Sustained Lower Incidence of Diabetes-Related End-Stage Kidney Disease Among American Indians and Alaska Natives, Blacks, and Hispanics in the U.S., 2000-2016.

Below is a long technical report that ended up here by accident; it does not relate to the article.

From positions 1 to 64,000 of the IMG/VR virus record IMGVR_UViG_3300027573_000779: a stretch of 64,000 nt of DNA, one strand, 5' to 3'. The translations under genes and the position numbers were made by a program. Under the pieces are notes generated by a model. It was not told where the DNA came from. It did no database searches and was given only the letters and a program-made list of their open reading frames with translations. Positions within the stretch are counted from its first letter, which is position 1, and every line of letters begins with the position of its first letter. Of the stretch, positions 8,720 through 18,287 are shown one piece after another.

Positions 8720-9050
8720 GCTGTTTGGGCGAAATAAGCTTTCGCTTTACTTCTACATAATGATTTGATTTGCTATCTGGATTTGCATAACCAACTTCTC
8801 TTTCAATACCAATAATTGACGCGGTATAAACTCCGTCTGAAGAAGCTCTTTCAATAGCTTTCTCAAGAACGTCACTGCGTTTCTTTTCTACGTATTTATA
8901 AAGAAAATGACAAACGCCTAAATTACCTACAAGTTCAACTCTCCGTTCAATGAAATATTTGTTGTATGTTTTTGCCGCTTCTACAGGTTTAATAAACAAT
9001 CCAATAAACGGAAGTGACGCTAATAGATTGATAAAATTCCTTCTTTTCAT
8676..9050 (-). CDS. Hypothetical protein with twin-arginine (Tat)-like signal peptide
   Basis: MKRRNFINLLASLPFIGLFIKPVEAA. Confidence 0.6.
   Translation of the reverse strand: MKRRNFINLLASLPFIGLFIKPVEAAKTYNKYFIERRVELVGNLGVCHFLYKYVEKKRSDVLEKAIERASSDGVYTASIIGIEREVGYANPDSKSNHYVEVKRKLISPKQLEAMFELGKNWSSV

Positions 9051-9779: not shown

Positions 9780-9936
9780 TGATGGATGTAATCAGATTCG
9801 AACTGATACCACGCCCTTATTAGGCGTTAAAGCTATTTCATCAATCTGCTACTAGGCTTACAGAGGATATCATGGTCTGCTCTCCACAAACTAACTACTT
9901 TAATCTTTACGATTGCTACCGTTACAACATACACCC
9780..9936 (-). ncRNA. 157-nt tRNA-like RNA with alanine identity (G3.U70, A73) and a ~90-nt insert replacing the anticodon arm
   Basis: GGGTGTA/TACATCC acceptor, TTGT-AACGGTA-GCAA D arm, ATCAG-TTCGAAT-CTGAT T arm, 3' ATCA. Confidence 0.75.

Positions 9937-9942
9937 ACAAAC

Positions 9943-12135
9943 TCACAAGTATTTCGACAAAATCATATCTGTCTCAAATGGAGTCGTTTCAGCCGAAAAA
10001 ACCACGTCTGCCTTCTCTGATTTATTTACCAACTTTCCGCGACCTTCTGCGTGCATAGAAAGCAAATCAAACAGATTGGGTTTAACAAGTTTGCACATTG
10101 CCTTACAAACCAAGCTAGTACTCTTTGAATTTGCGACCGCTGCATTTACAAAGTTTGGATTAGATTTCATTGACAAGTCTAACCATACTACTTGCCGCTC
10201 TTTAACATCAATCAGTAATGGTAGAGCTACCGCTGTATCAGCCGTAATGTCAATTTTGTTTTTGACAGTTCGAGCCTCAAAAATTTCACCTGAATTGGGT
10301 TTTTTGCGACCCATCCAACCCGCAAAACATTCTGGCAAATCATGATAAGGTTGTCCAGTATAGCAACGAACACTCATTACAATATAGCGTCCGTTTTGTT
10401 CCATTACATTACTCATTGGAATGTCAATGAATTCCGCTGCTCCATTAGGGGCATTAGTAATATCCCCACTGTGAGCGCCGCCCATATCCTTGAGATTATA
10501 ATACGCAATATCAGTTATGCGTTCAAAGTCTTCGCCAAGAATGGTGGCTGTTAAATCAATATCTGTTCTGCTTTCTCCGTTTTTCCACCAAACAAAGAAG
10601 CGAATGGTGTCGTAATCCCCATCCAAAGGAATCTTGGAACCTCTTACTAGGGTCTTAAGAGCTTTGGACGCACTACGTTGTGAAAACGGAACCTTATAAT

Diabetes-related end-stage kidney disease (ESKD-D) disproportionately affects U.S. racial/ethnic minority populations compared with whites. However, from 1996 to 2013, ESKD-D incidence among American Indians and Alaska Natives (AIANs) and blacks declined. We assessed recent ESKD-D incidence data to determine whether trends by race/ethnicity have changed since 2013.U.S. Renal Data System data from 2000 to 2016 were used to determine the number of whites, blacks, AIANs, Asians, and Hispanics aged ≥18 years with newly treated ESKD-D (with diabetes listed as primary cause). Using census population estimates as denominators, annual ESKD-D incidence rates were calculated and age adjusted to the 2000 U.S. standard population. Joinpoint regression was used to analyze trends and estimate an average annual percent change (AAPC) in incidence rates.For adults overall, from 2000 to 2016, age-adjusted ESKD-D incidence rates decreased by 53% for AIANs (66.7-31.2 per 100,000, AAPC -4.5%, P < 0.001), by 33% for Hispanics (50.0-33.3, -2.1%, P < 0.001), and by 20% for blacks (56.2-44.7, -1.6%, P < 0.001). However, during the study period, age-adjusted ESKD-D incidence rates did not change significantly for Asians and increased by 10% for whites (15.4-17.0, 0.6%, P = 0.01). In 2016, ESKD-D incidence rates in AIANs, Hispanics, and blacks were ∼2.0-2.5 times higher than whites.ESKD-D incidence declined for AIANs, Hispanics, and blacks and increased for whites. Continued efforts might be considered to reverse the trend in whites and sustain and lower ESKD-D incidence in the other populations.